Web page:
Thursday, November 3, 2005
Hood River News Editorial
July 6, 2005
Those responsible for a splendid — and safe — July Fourth deserve the thanks of the community.
July Fourth is based on the grandest of events — a nation’s freedom and the creation of a democratic society — but in Hood River, like many places, the day was a celebration of community, in loud and quiet ways.
For while it was the nation’s birthday it was Sally Moore’s, too.
During Monday’s entertaining parade, the St. Urho’s Queen received a greeting from a member of the crowd: her friend Vi Thomas was seated along 12th Street when she saw Moore, and Thomas jumped up and handed her a birthday card as Moore rolled by in the Finnish festival’s famed green-and-purple car.
“I figured I’d run into her at some point today, but I hadn’t planned to do so (give her the card) in the parade,” Thomas said.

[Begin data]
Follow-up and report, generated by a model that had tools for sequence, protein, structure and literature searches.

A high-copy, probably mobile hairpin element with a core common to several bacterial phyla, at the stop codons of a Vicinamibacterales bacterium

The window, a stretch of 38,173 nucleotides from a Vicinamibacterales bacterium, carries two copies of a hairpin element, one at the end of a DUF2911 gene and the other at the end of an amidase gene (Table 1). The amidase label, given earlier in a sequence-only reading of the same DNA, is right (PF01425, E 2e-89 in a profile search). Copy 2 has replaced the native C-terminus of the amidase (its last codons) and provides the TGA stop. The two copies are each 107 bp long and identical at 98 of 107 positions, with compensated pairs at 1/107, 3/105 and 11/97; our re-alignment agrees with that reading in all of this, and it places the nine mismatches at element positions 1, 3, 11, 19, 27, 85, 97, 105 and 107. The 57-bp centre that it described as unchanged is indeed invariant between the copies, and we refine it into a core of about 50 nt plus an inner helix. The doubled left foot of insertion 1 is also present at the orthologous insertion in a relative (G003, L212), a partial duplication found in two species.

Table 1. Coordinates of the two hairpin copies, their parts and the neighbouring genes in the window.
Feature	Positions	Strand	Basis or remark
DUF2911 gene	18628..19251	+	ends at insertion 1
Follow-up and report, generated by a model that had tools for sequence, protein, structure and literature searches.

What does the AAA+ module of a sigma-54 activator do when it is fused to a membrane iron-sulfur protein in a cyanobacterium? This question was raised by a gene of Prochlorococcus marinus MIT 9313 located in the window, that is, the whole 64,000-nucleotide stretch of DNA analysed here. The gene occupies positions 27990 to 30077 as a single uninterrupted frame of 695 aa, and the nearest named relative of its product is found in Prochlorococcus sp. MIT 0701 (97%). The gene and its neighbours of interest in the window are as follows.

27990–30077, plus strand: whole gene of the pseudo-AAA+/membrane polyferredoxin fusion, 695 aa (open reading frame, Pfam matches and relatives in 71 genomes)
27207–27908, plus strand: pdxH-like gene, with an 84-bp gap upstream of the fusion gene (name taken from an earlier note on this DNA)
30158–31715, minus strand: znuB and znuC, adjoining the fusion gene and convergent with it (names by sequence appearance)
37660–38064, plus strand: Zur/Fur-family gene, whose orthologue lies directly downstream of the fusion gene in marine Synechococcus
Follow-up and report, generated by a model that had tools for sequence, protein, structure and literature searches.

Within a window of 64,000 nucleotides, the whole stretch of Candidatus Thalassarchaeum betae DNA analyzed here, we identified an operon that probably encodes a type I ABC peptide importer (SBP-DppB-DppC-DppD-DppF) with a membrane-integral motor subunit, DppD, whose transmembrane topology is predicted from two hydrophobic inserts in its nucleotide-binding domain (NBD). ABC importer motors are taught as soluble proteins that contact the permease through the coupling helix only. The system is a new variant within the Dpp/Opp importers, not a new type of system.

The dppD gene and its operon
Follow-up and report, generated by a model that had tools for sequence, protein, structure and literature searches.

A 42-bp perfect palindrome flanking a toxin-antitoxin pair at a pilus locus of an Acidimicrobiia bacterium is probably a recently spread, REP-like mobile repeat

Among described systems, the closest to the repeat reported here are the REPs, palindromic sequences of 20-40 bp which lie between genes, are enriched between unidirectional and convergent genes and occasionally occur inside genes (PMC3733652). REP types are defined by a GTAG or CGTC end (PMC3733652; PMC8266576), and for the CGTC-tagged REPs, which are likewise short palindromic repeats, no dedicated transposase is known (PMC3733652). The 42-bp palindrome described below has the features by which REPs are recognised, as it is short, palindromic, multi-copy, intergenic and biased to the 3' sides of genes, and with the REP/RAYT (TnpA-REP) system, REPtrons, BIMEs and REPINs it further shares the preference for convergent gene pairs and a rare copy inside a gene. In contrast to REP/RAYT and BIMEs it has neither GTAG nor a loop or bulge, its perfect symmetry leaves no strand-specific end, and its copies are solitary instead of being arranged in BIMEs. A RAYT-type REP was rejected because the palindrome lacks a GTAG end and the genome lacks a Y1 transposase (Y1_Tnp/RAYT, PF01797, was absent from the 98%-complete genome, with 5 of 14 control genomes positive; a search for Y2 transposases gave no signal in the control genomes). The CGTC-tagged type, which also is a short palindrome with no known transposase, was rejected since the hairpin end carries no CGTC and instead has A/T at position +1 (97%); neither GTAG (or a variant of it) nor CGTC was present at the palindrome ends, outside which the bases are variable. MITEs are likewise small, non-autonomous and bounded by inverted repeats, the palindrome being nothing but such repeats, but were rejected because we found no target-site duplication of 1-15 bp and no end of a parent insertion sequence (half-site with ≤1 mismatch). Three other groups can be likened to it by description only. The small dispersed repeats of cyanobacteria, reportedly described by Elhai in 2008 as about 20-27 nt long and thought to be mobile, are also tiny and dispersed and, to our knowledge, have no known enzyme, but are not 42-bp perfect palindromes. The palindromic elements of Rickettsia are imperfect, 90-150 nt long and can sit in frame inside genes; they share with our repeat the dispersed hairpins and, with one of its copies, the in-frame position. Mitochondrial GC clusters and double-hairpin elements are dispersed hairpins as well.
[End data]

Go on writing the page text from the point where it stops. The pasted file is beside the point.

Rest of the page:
It was the kind of thing that could happen in any community where people care for each other, and it was hardly surprising to see such a personal touch in the Hood River parade.
Things got noisy Monday night with the Eyeopener Lions’ annual pyrotechnics. The group outdid itself this year, slipping in as sort of trick grand finale, and then following it with another 10 minutes of eye-poppers resembling exploding jelly beans, vibrating coral reefs, and giant sparkling clamshells — before jettisoning a giant booming glittering barrage to cap things off at about 10:30 p.m.
Meanwhile, all those illegal fireworks going off around town and the valley were like puppies yapping outside the pedigree dog show: the real (and legal) pleasure came from watching the Lions’ riverside roar.
Thanks to that civic group for providing such an amazing show, and to the firefighters and law enforcement officers who patrolled the streets after dark, keeping the night remarkably fire-free.
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Bridge of the Gods Kite Fest 2016
Kiteboarders in action during the pro competition Friday at the 16th Annual Bridge of the Gods Kite Fest in Stevenson. All photos by Ben Mitchell. Enlarge